Ph.D., University of Virginia, 2001
Office: (603) 646-0769, Moore 354
Lab: (603) 646-9746, Moore 313
My research investigates how people understand and react to other human beings and how the brain evolved to handle the computations underlying this social intelligence. This includes how we recognize other humans from their form and motion and how accepting we are of approximation and distortion. I also investigate how human form and motion convey information beyond animacy (e.g., intentions, emotions) and the neural substrates that subserve these inferences.
Go to: More Citations on PubMed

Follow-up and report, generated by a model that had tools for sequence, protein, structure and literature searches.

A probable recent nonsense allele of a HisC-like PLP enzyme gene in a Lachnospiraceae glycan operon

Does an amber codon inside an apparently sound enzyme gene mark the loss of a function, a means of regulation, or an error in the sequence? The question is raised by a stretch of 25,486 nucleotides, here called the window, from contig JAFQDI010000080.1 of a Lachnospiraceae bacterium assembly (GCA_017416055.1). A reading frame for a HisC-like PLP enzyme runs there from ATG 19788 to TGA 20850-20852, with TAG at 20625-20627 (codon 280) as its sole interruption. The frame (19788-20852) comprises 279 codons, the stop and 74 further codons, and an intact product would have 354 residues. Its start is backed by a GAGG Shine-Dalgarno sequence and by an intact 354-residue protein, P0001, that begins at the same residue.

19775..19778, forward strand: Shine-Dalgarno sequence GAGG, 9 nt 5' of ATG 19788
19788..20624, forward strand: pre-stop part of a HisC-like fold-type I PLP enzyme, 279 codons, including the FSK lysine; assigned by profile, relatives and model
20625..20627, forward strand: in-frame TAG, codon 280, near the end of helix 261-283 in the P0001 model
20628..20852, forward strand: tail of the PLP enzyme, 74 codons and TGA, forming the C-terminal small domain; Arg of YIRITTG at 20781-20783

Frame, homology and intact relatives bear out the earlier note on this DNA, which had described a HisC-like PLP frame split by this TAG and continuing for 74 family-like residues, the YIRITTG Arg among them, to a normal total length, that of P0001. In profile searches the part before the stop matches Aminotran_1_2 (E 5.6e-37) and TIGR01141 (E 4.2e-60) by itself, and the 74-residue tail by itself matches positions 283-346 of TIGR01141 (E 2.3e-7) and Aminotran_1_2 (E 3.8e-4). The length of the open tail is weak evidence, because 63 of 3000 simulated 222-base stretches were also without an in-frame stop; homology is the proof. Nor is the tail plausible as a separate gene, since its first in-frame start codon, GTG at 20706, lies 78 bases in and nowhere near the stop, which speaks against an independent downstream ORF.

Wheatley, T., Milleville, S. C., & Martin, A. (2007). Understanding animate agents: Distinct roles for the social network and mirror system. Psychological Science, 18, 469-474. Discussed by G. Chin,"Editor's Choice", Science, 316, 1255, 2007].
Wheatley, T. & Haidt, J. (2005). Hypnotic disgust makes moral judgments more severe. Psychological Science, 16, 780-784.
Wheatley, T., Weisberg, J., Beauchamp, M. S. & Martin, A. (2005) Automatic priming of semantically related words reduces activity in the fusiform gyrus. Journal of Cognitive Neuroscience, 17, 1871-1885.
Last Updated: 11/5/08